Returned AgriCorps Fellow: Carrie Stephens

Class: 4 (2017-2018)

Placement: Akwane Dobro Presbyterian JHS, Eastern Region, Ghana

What are you up to now? Tell us about your day-to-day duties.

I live in Arizona where I work as a Companion Animal Sales Representative. Each day looks different, but most days I spend visiting veterinary clinics discussing various disease states that impact our pets and potential treatment options and protocols. My job allows me to continually educate myself and others on the changing climate of animal health, which I find fun and fascinating! I spend time building relationships and getting to know my clinics in order to better understand their needs and how we can provide solutions. I genuinely enjoy getting to meet so many different people and learning why they do what they do. Veterinarians and veterinary staff are truly amazing people and they work so hard to keep our pets safe, happy, and healthy. I greatly enjoy being a resource for them and learning from them. I also get to work trade shows and have the opportunity to learn from other veterinarians and their staff from all over the world! It really never gets boring. During the midst of COVID I am currently trying to make sure we have the knowledge we need to better partner and create effective presentations and learning resources for each clinic.

How did your time as an AgriCorps Fellow influence your career?

Being an AgriCorps Fellow was challenging in multiple ways that have all influenced my career and my day to day work. First, my understanding of international agriculture is much deeper and I have better context for the products and programs we initiate within the global animal health industry. Second, throughout my time as an AgriCorps Fellow, I was a teacher at a junior high school and being a teacher gave me experiences that have further aided in my ability to lead effective and engaging education sessions with the clinics I work with. Teaching with limited resources in my classroom in Ghana helped me develop transferable skills of innovation and creativity to design interactive presentations where I don’t always have to rely on technology. When you are working in veterinary clinics, being adaptable and flexible goes a long way. Overall, my experience will AgriCorps made me more aware that our intentions and the outcomes are not always aligned. We can have great intentions for a project, but if we do not have buy-in, input, and participation from the stakeholders, it will most likely fail.

How did your time as an AgriCorps Fellow influence your opinion on international development?

Before I even became a Fellow, it was very clear that the fellowship program was not meant for Americans without any agricultural skills to go and teach farmers in West Africa how to farm. Unlike a lot of other organizations, there was a clear precedent of required background knowledge while balancing that with the belief that we didn’t have all the answers.  There was so much that I learned and was humbled by through my experience living in Ghana. I have a new context for what international development means in the big picture and the different implications and impacts it has on communities and countries. I now know that in many cases the western world’s attempts at “bettering” other countries has actually caused a lot of harm, and further perpetuated a savior complex and the perspective that impoverished communities are helpless and passive victims of their circumstances. When discussing and implementing programs, having the humility and the wisdom to come into the project knowing you do not have the answers and choosing to listen and learn first are imperative. Programs such as AgriCorps work with existing organizations and people on-the ground in order to make sure that the impacts are sustainable and last long after we are gone. I learned through my experience that school-based agricultural education is integral for adoption of best practices and youth empowerment. A few of my students would take information we learned from 4-H and bring it back to their family farms. Once their parents saw results from the practices implemented, they were much more likely to adopt those practices, as well. This early adoption and dissemination are what create personal and community engagement and involvement and lead to sustainable growth and development.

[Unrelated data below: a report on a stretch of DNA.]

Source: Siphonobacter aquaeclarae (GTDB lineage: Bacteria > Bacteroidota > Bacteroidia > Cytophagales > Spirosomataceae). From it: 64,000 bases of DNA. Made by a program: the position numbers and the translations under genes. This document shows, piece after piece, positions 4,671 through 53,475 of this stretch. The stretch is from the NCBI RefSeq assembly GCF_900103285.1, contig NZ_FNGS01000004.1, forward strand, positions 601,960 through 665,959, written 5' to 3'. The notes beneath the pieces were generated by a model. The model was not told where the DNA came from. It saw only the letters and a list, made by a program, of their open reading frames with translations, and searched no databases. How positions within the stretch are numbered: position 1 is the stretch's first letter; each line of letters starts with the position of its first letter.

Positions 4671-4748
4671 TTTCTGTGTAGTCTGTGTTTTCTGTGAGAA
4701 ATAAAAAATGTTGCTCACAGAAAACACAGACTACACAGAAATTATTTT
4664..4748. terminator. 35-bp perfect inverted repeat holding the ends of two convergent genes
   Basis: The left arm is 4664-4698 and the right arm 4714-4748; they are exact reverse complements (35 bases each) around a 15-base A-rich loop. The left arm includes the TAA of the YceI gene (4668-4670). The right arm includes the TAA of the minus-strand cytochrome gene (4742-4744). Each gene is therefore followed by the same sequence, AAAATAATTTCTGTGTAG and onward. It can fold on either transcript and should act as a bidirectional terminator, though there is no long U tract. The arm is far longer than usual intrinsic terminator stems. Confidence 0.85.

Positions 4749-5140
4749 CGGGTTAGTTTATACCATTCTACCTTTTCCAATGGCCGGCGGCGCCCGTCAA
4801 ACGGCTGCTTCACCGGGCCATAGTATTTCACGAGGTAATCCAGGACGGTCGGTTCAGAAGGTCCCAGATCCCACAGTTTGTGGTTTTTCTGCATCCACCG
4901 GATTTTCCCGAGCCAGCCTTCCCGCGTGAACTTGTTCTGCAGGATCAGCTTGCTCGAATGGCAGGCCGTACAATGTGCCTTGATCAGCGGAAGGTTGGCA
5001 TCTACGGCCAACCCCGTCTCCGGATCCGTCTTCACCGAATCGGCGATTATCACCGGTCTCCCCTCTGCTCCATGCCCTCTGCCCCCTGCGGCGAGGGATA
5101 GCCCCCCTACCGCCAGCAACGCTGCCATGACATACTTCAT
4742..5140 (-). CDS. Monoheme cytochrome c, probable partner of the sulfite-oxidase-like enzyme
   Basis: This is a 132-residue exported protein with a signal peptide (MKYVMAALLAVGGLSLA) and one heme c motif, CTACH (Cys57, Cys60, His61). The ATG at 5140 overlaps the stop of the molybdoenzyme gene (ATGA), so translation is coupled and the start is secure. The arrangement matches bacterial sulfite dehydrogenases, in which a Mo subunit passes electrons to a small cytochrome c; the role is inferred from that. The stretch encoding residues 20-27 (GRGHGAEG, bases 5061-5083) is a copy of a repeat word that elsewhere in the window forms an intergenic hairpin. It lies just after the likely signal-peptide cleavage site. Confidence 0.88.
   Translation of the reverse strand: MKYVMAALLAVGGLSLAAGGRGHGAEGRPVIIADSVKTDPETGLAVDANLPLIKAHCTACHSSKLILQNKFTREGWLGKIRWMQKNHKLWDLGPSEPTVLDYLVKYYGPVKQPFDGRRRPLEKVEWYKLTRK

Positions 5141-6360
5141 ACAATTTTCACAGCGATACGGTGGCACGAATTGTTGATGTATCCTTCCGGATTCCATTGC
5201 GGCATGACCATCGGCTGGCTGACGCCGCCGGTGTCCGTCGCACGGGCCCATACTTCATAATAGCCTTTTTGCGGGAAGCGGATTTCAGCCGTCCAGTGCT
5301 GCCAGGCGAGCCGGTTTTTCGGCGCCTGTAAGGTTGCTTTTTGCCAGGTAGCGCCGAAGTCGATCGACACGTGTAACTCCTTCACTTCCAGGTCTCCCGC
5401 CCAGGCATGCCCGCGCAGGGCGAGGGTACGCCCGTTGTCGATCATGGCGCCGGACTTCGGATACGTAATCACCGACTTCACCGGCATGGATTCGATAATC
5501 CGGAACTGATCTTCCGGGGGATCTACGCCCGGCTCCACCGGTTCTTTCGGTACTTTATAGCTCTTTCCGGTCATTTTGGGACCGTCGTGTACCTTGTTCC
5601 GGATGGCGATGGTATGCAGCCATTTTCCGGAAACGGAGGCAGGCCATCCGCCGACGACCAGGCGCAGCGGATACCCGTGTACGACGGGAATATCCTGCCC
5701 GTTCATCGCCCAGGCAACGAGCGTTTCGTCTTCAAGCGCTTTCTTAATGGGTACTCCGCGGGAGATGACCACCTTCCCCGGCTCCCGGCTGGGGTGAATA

What was most memorable to you about your experiences in West Africa/AgriCorps?

I really have too many memories to count: the LEAD (Leadership, Education, Agriculture, and Develop) workshops we were able to facilitate throughout our different communities, the teacher training workshops, and the 4-H activities were all amazing. Getting to learn about No-Till Agriculture and watch my co-teacher, Wadie’s, face when he got to drive a John Deer tractor for the first time, makes me smile even to this day. But what was truly the most memorable were the people. The AgriCorps Fellows and my memories with them are some of my most fond memories of my entire life. From the first time we all met each other to now, they are all truly amazing people and I have learned so much from their tenacity, kindness, humility, friendship, and love. The friends I made in Ghana; Eunice, Kersia, Marc, and others, greatly impacted my experience and I have been able to maintain relationships with them. I was even able to go back and visit this year, which made me very happy! Sometimes the little things fade, but the relationships last a lifetime.


What was your favorite food in Ghana?

FuFu with Palm Nut soup was my favorite meal and plantain chips were my favorite snack.

What was your favorite place you visited in Ghana? 

Wli Falls was breathtaking and one of the most beautiful places I have ever seen!